Targeting PSD-95 palmitoylation in Alzheimer’s disease

Conférence du Centre de recherche CERVO
Date & Time: 
Friday, December 17, 2021 - 11:00
Kim Doré

The first change in the brains of patients with Alzheimer’s disease (AD) and the best biomarker of the disease is synaptic loss. The molecular pathways preceding synaptic loss during AD are still unclear but mounting evidence suggest that loss of PSD-95 is one of the first events leading to synaptic loss as it is significantly depleted in the brains AD patients as well as in neurons exposed to amyloid-beta (Aβ). We discovered that elevated levels of PSD-95 (under a number of different conditions) can protect against, and even reverse, synaptic weakening by Aβ. Because PSD-95 requires palmitoylation to remain at a synapse, we tested if pharmacological blockade of PSD-95 depalmitoylating enzyme, ABHD17, could increase synaptic resilience. In vitro experiments showed that Palmostatin B (an ABHD17 inhibitor), could rescue Aβ-induced synaptic depression and Aβ-mediated effects on dendritic spines. Interestingly, we saw that PSD-95 palmitoylation is significantly reduced in APP/PS1 mice, which might indicate a previously unknown step in the pathophysiology of AD. Palmostatin B injections in the intraperitoneal cavity rapidly rescued palmitoylated PSD-95 in a dose dependent manner in APP/PS1 mice, indicating that this drug can access brain synapses in vivo. Furthermore, preliminary data suggests that Palmostatin B can rescue memory deficits in the Morris Water Maze behavioral test. Consequently, PSD-95 depalmitoylating enzyme could be an exciting new drug target against AD.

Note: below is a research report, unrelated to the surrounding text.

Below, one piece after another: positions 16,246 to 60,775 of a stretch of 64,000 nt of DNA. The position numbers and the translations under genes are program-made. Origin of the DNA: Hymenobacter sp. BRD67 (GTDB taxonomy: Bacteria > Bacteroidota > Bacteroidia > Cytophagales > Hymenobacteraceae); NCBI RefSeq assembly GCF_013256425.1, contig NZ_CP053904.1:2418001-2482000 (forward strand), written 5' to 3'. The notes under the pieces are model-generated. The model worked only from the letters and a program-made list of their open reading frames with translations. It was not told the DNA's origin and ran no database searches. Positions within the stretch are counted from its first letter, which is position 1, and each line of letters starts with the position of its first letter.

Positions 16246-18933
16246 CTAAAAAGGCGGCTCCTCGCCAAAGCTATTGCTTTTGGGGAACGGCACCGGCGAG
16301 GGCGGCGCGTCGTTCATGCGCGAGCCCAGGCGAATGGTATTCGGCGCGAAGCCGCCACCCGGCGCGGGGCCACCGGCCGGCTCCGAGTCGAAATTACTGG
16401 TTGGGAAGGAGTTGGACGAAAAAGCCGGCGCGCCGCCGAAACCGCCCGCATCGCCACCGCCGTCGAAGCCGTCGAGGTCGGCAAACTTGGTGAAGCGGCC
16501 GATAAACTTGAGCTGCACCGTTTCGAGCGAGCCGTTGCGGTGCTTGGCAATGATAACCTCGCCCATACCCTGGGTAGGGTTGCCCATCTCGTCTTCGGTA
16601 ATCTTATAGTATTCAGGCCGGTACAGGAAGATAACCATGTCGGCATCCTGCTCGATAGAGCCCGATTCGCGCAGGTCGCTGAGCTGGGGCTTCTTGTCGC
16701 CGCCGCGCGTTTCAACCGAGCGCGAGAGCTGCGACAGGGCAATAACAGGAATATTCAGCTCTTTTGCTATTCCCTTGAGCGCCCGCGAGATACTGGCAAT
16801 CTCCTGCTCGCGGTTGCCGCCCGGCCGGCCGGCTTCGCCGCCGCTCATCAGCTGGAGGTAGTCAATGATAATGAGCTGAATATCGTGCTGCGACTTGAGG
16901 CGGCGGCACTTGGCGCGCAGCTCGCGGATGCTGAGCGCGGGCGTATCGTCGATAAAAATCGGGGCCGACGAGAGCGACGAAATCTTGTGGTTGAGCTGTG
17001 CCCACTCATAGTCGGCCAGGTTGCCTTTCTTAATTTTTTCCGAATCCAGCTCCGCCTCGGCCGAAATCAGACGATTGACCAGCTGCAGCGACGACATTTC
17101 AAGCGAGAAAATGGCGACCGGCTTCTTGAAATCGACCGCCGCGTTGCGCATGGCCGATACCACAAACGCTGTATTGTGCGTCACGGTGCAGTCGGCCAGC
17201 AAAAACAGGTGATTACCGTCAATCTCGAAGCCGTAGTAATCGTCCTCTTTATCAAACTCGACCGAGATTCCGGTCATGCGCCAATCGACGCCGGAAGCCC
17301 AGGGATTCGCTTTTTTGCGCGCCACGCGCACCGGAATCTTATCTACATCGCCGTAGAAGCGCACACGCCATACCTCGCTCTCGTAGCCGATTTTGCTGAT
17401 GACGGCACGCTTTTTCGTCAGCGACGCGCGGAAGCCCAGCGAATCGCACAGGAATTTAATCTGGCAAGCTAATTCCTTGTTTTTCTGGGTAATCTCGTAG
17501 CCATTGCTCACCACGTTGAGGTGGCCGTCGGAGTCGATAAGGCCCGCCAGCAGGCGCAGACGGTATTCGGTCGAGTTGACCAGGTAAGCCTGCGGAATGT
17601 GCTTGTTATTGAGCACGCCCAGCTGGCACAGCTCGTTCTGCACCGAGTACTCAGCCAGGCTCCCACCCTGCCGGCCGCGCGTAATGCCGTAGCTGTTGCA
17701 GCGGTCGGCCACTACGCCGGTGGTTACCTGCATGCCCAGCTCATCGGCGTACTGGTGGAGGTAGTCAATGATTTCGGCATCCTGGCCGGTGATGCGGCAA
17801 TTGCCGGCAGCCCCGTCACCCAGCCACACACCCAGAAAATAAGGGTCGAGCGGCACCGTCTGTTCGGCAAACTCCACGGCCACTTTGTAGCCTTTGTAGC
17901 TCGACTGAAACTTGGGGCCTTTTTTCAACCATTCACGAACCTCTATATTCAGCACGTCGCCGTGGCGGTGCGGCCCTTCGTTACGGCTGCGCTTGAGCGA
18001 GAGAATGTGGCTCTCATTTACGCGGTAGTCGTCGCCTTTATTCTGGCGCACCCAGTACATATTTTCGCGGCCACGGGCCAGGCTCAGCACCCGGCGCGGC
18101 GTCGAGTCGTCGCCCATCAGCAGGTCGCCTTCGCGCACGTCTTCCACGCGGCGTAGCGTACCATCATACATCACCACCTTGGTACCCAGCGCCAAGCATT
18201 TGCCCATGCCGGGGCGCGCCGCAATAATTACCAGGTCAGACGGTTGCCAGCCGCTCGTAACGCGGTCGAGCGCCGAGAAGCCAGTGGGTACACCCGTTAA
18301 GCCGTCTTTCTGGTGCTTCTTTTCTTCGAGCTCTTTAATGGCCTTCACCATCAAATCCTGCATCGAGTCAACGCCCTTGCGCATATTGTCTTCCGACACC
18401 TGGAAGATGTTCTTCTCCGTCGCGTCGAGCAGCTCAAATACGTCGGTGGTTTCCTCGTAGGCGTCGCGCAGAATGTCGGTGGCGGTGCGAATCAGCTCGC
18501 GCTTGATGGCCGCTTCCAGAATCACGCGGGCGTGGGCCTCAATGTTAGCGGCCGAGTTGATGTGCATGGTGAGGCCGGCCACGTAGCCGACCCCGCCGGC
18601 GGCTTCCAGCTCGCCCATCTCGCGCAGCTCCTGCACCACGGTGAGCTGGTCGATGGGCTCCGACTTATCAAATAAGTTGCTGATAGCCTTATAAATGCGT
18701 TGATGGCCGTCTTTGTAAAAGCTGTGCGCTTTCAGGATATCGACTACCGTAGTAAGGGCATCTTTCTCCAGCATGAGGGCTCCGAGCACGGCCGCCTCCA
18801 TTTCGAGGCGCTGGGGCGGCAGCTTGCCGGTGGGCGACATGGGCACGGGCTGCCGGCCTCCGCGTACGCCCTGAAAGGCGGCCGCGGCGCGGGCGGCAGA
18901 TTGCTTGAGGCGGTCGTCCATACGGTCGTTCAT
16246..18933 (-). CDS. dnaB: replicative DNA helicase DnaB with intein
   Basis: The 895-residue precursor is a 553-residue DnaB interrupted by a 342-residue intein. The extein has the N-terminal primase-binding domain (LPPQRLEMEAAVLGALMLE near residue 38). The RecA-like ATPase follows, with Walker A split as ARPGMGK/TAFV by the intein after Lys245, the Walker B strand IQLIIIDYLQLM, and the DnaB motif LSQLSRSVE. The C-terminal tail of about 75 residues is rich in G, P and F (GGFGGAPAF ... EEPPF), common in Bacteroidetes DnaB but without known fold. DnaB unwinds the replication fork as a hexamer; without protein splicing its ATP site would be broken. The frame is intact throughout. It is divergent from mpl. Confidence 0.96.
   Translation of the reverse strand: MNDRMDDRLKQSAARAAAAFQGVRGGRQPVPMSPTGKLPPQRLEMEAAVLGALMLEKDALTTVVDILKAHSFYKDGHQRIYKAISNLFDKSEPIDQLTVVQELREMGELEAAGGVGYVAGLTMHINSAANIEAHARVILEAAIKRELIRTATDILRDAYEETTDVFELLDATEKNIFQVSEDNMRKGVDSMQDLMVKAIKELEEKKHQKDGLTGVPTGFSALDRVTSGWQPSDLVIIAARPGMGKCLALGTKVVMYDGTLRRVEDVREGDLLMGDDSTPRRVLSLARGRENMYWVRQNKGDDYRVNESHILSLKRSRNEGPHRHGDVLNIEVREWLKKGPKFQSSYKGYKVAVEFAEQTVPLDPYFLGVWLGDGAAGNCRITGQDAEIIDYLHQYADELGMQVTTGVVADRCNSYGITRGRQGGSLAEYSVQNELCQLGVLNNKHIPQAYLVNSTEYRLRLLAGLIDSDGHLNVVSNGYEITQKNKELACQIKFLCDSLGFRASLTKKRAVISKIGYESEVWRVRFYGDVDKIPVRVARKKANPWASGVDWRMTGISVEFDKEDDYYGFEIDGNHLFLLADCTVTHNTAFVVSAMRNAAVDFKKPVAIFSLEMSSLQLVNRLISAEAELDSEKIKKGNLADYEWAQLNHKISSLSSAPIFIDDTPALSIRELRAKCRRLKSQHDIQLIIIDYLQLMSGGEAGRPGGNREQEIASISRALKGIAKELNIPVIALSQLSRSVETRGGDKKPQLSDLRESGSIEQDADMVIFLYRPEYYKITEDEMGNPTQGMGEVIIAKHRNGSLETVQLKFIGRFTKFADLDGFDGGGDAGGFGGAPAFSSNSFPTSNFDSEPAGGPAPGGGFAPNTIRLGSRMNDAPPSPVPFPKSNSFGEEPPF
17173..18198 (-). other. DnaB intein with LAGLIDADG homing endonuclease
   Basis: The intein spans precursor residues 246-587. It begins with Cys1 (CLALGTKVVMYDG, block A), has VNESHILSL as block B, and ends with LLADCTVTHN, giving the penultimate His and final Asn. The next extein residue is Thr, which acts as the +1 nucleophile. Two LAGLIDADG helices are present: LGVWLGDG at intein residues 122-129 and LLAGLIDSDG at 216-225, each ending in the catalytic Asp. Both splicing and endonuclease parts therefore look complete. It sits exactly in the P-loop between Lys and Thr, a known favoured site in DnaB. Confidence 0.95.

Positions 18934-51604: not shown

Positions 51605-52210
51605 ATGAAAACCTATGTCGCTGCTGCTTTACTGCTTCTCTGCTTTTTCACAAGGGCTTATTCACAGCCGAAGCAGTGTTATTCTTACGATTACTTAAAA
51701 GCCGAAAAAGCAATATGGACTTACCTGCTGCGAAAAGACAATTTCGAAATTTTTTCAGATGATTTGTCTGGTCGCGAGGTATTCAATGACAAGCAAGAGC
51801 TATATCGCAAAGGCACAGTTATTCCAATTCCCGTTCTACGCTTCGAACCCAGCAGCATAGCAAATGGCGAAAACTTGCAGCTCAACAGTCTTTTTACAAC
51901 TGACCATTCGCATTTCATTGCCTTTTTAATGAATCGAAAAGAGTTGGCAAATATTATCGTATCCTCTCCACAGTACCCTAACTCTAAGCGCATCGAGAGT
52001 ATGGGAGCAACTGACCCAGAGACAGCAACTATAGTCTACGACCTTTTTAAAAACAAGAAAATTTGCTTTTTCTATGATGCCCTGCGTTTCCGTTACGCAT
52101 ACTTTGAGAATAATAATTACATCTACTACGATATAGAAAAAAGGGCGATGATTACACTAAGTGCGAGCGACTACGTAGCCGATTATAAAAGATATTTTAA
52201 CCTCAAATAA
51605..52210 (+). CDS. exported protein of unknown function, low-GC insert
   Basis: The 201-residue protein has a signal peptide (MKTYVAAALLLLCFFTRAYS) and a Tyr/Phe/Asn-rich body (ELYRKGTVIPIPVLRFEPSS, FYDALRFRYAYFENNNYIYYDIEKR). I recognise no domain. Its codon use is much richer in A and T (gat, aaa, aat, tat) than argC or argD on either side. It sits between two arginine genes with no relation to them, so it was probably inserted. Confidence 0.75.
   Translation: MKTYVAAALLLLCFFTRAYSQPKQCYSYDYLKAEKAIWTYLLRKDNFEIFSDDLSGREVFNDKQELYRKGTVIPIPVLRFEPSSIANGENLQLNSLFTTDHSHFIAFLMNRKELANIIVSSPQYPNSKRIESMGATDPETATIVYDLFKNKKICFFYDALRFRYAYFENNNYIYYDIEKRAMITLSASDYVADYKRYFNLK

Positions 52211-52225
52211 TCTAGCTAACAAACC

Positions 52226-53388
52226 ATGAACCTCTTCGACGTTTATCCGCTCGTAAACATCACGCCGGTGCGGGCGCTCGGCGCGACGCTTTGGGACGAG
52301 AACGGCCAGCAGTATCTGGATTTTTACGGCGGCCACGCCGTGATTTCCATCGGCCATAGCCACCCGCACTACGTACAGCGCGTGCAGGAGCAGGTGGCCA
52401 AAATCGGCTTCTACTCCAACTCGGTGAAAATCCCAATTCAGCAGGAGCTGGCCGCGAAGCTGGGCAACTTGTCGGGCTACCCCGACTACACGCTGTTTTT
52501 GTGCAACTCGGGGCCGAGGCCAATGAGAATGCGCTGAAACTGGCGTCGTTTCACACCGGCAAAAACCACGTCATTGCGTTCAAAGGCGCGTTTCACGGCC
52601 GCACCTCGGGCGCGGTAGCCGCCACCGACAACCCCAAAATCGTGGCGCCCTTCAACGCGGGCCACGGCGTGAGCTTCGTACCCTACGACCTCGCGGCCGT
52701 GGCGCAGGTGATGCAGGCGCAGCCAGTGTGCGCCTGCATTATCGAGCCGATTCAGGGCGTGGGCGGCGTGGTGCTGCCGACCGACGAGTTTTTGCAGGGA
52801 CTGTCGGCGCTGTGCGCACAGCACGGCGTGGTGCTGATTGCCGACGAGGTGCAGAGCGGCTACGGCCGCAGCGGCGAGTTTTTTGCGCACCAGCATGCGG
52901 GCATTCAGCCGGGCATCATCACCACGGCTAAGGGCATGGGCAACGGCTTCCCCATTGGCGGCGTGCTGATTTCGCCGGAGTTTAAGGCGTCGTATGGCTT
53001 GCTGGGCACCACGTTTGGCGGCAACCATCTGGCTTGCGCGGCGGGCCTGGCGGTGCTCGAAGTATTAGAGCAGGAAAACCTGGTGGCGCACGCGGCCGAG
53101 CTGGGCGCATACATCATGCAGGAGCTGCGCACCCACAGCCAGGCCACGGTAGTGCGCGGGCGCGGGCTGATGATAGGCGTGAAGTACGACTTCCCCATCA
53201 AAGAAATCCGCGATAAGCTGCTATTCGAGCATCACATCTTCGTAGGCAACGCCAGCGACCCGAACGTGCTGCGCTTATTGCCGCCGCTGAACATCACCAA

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Centre de recherche CERVO Brain Research Centre, 2601, de la Canardière Québec (Québec) CANADA G1J 2G3

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